Imagine a spoon placed in half a glass of water. The spoon appears to bend at the air-water boundary. This is because the light rays reaching your eyes from under the water change direction when they pass into the air. This phenomenon is known as refraction. There are several factors that determine at what angle a light ray will bend when passing from one medium into another.
Angle of Incidence
If a light ray crosses over from one medium to another -- from air to glass for instance -- perpendicular to the surface between the media, it does not change direction, it passes right through. If, however, it hits the surface at an angle to the perpendicular, it changes direction as it moves into the second medium. The angle the light ray makes with the perpendicular in the first medium is called the angle of incidence. The angle the light ray makes with the perpendicular in the second medium is called the angle of refraction. The relationship between the angle of incidence (i) and angle of refraction (r) is given by Snell's law: sin(r)/ sin(i) = ni/nr, where ni is the refractive index of the first medium and nr is the refractive index of the second medium. For a fixed pair of media, ni/nr is fixed. So it is clear that when the angle of incidence i changes, the angle of refraction r changes as well.
From Snell's law, you can see that the angle of refraction depends on the ratio ni/nr of the refractive indices of the two media. If nr is greater than ni -- for instance when light passes from air (ni = 1.0) to glass (ni = 1.5) -- then the angle of refraction is smaller than the angle of incidence, i.e., the light ray bends toward the perpendicular to the surface between the two media as it crosses into the second medium. If nr is smaller than ni, the light ray entering another medium bends away from the perpendicular to the surface between the two media .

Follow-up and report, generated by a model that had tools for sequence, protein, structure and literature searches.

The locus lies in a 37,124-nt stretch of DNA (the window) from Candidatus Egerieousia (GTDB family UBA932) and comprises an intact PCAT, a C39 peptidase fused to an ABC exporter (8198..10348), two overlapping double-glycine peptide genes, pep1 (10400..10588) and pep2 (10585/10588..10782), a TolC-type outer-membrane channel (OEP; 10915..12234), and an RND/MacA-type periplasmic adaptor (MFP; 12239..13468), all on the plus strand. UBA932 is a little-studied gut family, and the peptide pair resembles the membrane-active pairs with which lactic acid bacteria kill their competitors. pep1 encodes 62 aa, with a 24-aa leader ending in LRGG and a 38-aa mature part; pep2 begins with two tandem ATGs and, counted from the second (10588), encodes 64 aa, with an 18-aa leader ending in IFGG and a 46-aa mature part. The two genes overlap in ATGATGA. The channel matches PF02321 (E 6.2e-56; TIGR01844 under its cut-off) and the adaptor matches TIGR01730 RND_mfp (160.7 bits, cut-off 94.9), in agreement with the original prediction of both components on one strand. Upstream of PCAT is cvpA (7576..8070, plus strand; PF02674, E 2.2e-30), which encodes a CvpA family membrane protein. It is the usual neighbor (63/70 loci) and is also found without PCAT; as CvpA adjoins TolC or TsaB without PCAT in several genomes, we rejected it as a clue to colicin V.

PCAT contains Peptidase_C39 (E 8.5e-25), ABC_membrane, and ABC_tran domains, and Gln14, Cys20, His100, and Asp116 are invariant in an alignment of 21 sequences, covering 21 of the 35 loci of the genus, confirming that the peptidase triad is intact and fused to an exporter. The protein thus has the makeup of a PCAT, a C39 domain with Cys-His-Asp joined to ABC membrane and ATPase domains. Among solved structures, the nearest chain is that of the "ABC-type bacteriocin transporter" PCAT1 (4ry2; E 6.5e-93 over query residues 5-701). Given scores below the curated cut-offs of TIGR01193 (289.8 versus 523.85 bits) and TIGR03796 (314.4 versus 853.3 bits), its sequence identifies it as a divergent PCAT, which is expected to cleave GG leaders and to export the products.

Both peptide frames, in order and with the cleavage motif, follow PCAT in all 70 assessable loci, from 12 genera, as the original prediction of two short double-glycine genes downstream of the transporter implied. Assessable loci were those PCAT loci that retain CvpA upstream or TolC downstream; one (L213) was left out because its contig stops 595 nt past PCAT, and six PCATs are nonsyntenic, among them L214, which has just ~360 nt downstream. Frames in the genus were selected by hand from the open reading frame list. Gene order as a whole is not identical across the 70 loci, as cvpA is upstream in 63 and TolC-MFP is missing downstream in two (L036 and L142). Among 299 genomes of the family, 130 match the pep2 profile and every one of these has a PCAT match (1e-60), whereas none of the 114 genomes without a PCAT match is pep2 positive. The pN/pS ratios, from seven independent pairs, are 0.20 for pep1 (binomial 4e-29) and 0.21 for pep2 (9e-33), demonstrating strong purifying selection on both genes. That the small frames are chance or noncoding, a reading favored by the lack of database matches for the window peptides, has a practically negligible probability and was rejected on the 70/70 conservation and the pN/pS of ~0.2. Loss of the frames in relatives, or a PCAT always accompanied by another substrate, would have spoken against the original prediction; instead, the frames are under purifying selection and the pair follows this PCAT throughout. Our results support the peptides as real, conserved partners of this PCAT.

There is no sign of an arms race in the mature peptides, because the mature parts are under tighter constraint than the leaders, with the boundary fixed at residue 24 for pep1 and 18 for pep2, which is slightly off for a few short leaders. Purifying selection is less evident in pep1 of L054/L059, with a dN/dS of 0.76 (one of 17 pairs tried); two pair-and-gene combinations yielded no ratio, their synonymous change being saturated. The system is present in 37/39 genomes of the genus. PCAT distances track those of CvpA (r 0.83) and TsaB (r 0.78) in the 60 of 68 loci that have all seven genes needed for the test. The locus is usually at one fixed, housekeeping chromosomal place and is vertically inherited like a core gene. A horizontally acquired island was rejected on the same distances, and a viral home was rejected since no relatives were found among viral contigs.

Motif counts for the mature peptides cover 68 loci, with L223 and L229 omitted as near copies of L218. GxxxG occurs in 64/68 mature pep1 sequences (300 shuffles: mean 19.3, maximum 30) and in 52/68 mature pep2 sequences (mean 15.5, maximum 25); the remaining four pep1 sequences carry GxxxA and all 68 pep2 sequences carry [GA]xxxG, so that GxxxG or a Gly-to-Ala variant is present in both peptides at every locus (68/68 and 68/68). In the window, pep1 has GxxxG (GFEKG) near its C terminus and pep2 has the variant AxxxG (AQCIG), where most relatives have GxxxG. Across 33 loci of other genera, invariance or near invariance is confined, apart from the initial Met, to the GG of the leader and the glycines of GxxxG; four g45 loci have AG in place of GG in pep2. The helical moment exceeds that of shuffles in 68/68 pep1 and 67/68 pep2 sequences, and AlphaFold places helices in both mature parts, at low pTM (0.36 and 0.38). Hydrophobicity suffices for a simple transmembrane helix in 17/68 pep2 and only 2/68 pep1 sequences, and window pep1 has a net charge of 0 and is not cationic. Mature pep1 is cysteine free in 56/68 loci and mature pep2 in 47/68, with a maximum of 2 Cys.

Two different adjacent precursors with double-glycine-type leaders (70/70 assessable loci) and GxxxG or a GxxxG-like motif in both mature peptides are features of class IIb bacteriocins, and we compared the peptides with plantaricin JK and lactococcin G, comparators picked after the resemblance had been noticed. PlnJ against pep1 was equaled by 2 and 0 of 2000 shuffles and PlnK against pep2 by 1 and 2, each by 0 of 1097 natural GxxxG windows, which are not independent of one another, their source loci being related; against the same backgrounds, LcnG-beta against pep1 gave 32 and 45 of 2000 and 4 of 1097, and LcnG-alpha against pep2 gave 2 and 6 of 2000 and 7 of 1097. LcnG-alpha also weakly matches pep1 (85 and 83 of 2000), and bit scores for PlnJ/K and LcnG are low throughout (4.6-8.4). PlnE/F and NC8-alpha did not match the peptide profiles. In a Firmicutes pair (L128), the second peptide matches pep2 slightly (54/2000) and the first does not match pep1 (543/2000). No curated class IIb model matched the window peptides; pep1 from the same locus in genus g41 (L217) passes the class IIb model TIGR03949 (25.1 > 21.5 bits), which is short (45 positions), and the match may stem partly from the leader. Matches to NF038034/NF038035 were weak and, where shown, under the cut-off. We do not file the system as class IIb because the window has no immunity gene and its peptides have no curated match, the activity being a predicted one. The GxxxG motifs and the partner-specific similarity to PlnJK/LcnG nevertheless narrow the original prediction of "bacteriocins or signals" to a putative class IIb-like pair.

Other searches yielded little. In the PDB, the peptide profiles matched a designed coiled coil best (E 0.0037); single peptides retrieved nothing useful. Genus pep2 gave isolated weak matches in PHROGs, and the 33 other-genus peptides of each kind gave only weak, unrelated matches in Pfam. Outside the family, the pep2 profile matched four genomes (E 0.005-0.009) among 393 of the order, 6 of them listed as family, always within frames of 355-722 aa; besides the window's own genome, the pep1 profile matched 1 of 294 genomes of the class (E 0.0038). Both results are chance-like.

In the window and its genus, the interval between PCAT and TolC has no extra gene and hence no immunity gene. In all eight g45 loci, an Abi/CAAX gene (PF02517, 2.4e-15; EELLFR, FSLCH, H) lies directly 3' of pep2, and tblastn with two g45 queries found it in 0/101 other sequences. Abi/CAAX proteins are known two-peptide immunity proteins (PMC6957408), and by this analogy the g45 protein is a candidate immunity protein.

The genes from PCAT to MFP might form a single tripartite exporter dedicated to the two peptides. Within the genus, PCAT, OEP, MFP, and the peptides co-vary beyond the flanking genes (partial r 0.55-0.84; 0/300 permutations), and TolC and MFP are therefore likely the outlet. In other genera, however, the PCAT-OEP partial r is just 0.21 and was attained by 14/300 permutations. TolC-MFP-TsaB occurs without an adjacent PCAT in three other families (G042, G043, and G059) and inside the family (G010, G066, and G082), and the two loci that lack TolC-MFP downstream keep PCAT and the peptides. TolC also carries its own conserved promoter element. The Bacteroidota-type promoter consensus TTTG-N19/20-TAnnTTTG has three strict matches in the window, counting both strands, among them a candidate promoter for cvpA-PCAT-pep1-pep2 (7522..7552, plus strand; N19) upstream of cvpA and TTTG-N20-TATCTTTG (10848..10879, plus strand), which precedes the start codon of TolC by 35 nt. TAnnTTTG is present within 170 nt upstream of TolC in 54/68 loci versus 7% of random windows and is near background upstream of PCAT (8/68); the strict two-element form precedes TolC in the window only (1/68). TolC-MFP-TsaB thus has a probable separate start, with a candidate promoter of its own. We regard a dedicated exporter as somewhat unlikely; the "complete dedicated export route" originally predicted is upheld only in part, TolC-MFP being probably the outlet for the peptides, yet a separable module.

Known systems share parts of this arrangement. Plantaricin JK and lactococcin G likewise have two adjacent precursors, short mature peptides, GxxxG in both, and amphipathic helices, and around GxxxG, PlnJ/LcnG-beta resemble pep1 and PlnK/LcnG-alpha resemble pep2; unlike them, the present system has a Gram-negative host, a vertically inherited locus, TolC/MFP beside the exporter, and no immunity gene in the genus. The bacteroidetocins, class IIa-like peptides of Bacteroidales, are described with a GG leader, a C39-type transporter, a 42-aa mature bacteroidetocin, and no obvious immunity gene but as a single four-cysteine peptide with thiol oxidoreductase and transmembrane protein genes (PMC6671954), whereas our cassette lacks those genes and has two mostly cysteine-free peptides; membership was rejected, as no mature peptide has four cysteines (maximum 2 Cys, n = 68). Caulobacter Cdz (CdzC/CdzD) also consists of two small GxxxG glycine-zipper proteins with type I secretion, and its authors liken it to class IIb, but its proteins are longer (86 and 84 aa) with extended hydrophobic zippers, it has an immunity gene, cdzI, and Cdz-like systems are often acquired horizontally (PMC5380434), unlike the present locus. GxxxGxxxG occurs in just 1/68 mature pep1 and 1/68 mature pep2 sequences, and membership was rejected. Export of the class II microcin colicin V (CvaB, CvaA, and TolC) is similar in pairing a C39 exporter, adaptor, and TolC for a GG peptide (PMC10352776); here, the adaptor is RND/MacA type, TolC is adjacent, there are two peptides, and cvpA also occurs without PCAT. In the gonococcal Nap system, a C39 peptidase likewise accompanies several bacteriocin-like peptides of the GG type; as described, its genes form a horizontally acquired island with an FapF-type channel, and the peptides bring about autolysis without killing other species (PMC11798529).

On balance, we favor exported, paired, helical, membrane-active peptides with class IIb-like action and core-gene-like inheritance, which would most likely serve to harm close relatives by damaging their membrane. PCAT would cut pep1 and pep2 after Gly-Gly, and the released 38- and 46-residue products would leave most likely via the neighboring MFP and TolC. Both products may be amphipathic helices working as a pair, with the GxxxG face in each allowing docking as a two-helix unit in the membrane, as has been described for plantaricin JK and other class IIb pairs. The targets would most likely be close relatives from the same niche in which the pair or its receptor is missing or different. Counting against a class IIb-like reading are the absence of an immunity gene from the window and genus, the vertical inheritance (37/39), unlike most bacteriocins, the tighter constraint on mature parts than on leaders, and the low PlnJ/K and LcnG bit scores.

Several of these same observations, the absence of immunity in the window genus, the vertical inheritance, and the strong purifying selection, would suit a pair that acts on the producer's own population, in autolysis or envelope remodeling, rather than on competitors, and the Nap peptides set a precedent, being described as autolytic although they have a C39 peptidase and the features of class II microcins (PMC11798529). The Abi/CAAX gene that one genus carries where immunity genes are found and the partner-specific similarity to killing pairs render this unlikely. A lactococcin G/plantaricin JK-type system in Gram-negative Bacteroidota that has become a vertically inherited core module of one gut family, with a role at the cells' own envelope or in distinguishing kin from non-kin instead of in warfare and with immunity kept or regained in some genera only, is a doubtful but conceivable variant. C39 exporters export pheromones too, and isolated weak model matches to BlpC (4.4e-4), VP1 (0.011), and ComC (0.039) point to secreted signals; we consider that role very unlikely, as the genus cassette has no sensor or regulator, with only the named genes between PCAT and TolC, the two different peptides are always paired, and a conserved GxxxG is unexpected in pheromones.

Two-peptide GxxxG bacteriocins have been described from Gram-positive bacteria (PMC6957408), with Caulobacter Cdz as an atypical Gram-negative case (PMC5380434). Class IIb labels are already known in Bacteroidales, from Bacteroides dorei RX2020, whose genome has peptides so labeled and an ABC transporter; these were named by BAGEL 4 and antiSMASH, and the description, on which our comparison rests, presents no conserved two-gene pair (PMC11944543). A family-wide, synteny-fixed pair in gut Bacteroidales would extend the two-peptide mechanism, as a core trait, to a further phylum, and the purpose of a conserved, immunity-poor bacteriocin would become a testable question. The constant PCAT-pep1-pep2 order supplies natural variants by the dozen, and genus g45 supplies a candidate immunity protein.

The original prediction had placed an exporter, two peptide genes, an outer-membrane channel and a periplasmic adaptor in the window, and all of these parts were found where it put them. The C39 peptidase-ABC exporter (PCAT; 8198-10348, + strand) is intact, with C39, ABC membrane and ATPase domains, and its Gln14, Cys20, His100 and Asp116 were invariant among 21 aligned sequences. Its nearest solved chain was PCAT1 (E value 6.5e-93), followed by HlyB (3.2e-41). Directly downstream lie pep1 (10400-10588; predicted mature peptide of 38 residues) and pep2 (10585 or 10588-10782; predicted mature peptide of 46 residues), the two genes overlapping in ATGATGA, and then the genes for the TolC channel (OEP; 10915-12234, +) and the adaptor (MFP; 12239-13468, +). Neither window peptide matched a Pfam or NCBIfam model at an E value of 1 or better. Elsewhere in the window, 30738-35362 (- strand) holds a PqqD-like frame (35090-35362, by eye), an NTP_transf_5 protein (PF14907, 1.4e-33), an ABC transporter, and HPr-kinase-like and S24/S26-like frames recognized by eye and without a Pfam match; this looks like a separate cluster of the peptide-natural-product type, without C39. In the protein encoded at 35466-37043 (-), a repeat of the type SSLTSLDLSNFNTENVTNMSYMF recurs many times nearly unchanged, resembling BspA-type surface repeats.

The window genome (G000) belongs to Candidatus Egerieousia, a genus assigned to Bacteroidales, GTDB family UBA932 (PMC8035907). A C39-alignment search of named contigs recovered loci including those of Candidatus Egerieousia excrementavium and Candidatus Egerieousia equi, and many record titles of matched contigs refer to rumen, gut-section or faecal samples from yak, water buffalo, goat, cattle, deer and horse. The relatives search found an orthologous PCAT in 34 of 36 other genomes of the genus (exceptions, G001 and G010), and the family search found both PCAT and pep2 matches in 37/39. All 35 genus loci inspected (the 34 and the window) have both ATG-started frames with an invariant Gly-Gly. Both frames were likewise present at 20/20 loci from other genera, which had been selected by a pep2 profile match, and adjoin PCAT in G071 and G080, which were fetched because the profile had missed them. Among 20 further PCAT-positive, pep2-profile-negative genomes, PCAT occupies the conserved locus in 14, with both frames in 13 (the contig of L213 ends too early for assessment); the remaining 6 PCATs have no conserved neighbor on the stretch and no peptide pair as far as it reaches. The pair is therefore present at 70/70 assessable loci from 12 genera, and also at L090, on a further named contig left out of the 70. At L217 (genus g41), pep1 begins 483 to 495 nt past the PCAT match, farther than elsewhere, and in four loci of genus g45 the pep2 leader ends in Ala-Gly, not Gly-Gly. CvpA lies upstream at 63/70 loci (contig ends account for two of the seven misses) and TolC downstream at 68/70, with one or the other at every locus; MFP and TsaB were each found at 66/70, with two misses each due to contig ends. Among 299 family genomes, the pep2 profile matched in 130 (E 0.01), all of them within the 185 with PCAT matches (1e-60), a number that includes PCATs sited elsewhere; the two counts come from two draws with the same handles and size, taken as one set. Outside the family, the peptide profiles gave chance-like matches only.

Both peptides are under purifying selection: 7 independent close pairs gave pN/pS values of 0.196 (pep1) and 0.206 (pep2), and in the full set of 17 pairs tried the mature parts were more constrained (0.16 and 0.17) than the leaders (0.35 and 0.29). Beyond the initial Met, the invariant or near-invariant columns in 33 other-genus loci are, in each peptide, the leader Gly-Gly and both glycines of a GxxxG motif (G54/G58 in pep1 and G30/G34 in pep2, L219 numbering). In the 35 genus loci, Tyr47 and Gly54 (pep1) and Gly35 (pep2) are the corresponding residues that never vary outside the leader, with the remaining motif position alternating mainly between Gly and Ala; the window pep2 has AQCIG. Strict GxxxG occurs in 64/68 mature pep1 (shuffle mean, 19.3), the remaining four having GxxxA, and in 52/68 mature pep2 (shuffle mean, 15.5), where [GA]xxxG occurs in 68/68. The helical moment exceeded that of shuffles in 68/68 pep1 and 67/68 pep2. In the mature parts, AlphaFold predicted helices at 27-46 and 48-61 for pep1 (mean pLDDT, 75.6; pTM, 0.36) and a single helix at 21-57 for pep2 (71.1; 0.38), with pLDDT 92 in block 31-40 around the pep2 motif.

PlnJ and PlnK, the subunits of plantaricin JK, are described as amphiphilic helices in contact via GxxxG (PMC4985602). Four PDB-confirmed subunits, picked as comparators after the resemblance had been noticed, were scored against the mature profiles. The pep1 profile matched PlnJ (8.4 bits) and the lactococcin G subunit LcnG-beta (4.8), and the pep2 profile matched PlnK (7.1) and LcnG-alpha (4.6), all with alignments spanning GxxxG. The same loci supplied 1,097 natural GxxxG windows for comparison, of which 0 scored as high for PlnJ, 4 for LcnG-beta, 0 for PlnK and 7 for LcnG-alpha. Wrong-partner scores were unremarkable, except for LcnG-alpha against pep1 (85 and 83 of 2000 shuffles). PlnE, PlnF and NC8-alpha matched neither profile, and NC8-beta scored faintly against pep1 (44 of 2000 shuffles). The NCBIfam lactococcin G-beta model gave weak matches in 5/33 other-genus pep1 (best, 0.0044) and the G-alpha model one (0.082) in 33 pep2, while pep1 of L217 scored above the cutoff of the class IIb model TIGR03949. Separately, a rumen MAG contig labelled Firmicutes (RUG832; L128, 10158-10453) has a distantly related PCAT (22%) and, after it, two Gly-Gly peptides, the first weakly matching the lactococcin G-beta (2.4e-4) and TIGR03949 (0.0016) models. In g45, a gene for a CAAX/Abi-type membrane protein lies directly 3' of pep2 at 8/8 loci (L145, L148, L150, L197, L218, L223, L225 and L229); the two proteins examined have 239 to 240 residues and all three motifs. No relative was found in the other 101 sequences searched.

Wavelength of Light
The angle of refraction also depends on the wavelength of light. Visible light of different colors have different wavelengths and slightly different indices of refraction. The difference is so small that you don't see it when white light passes through a flat plate of glass for instance. But when white light passes through a prism and is refracted twice at the two surfaces, each color bends at a different angle and you can clearly see the separate colors.
In some special cases, the index of refraction in a medium can depend on the direction in which light passes through the medium. Certain mineral crystals have two distinct indices of refraction along two directions and are known as birefringent materials. For example, tourmaline is a crystal with two refractive indices: 1.669 and 1.638. For these materials, the angle of refraction depends on the orientation of the boundary between the media with the special axes of the crystal.
About the Author
Sreela Datta has been writing on technical and scientific topics since 1995. Her articles have been published in the "Gale Encyclopedia of Science" and she has developed teacher training materials for XAMOnline. Datta earned a Ph.D. in physics from Iowa State University.